So while you are listening to ‘God Keep The People’ maybe one of you out there may think about making a film called ‘Seaching For Matinee Man’.

turWhere to find it:
If you’re lucky you may find a vinyl copy of his brilliant LP ‘Matinees On Saturdays’ at a second hand shop. The song’s on that.


Pasadena – John Edmond

Pasadena - John Edmond

Pasadena – John Edmond

During the Second World War, it was Tipperary that was such a long way to. With inflation and all that followed, by the time we came to 1972 it was a long, long way (that’s double the amount of longs) that one had to travel and this time it was to Pasadena. For someone in South Africa (or Zimbabwe where John Edmond spent part of his life, or even Zambia where John was born), Pasadena was certainly further away than Tipperary (which is in Ireland in case you didn’t know).

However for John Paul Young (who sang the original of the song ‘Pasadena’) Tipperary would have been a long, long way from his native Australia while Pasadena (near the west coast of America) would only have been a long way.

Despite the distances one would have had to travel, John Edmond would make the trip easier with this little ditty. His version is a smooth, easy going one which has a slight country tinge to it, helping you to sit back and enjoy the ride. On the other hand John Paul Young’s version would give you a bumpy reggae beat tinged ride. Its up to you to chose which one to have on your playlist for the journey.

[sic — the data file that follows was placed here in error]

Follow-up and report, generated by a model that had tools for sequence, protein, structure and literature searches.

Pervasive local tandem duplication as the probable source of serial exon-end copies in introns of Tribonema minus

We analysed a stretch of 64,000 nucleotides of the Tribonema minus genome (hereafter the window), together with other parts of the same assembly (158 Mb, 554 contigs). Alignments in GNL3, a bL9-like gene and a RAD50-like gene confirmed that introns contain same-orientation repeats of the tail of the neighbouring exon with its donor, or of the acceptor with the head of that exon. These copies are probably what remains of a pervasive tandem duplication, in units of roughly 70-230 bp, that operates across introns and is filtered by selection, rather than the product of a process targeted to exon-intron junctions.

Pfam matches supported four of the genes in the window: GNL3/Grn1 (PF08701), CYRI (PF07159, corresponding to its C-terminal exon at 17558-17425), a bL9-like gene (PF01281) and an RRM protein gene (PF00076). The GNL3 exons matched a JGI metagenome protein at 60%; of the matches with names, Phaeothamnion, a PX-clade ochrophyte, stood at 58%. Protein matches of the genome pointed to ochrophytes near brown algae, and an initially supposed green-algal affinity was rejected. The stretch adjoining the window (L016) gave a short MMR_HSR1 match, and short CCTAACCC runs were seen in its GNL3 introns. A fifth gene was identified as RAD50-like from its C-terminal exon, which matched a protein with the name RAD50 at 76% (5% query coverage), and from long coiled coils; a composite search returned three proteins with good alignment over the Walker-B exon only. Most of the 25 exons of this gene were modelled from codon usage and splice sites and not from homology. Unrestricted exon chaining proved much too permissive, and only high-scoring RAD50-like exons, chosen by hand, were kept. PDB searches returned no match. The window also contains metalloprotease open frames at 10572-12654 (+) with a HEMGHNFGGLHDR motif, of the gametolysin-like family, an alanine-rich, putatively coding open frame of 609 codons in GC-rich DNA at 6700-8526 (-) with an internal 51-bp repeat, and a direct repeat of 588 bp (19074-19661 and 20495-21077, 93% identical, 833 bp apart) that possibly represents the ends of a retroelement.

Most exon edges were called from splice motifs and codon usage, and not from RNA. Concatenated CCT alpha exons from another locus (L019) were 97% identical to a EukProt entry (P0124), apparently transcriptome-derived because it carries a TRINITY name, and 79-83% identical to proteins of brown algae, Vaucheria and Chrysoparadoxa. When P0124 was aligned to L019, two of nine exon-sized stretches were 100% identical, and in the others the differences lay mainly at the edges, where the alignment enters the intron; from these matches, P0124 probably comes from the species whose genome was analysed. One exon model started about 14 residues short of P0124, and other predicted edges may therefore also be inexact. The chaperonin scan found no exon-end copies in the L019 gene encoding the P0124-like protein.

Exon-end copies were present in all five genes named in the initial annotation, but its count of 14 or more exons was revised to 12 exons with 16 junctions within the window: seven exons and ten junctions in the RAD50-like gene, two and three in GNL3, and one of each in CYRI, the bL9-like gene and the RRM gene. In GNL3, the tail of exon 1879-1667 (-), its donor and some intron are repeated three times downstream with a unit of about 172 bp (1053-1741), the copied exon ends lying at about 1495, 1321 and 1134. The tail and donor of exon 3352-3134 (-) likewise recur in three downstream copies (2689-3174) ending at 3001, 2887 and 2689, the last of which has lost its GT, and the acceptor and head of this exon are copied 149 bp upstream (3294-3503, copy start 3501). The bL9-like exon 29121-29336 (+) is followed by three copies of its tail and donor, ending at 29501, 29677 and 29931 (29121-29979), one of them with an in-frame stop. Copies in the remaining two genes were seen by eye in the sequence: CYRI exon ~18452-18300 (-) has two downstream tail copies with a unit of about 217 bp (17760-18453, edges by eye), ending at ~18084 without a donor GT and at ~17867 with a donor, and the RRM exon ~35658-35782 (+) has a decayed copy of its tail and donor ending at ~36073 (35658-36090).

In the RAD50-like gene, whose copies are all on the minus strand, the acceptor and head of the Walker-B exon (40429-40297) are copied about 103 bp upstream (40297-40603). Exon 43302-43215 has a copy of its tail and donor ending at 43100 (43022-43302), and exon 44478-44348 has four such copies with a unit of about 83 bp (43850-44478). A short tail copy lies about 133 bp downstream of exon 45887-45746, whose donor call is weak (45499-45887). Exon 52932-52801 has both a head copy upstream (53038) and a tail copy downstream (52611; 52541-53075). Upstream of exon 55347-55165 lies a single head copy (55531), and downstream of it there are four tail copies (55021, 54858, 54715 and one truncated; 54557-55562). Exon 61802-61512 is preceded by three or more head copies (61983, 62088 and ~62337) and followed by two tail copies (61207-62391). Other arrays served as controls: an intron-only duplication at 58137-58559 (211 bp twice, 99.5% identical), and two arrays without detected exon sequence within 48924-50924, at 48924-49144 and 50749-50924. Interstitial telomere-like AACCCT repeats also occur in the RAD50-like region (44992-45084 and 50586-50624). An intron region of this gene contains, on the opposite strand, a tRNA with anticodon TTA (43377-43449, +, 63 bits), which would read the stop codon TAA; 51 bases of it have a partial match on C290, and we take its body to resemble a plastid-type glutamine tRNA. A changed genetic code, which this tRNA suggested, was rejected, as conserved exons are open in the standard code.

‘Pasadena was Edmond’s 4th SA top 20 hit which would make number 5 and spend 17 weeks on the chart, thus performing better in SA than John Paul Young would in his native Australia as he only managed to get to number 16 there with his version.

Where to find it:
Singles bins

John Edmonds:

John Paul Young:

Master Jack – David Marks

Hidden Years - David Marks

Hidden Years – David Marks

Sometimes it’s better to have someone else sing the songs you write and when you listen to David Marks working his way through this classic tune that he penned you can’t help yearing for the flowery pop of the Four Jacks and the beautiful voice of Jill (Glenys Lynne). However, there is something strange, strange and alluring about this version which can be found on David Marks’ album ‘The Hidden Year’.

He slows the song down, dismisses that lovely plucked guitar work and replaces it with a lush orchestration and electric guitar. It must also be said that Marks does not have the best singing voice (but better than some that have committed their voice to vinyl – Anneline Kriel springing immediately to mind) and he puts emphasis on words in what I would regard as strange, strange places.

Despite all this, Marks’ version is interesting as it gives one an insight into perhaps how the song originally sounded in his mind and its not often you get to hear this where the artist who had a hit with a song is not the one who wrote it. And here we get the idea that this song was about the beauty of the world around us, not only from the lyrics, but from the way Marks sings and arranges this version. There is a sense of a person in a beautiful landscape, with a wide sky full of stars above them, slowly swirling round to take it all in. There is a depth to this version that Four Jacks and A Jill’s one never had. Both are great tracks to listen to, Four Jacks for those frivolous moments when you don’t feel like deeper feelings, but just want to be happy, and Marks’ version for when you want to sit back and contemplate life, the universe and everything.

Where to find it:
David Marks – The Hidden Years – Songs from 1964 to 1994, 3rd Ear Music, 3eM CD 003

Waiting (For A Miracle) – Dog Detachment

Waiting (For A Miracle) - Dog Detachment

Waiting (For A Miracle) – Dog Detachment

After Dog Detchment announced themselves on 1983’s ‘The Last Laugh’ (having already released a few singles over the prior 3 years), we had to wait another 2 years for the glorious ‘Fathoms Of Fire’ to surface. While fans weren’t quite waiting for a miracle, they were possibly a little surprised at what did arrive. ‘Fathoms’ wasn’t quite as hectic and angry as its predecessor.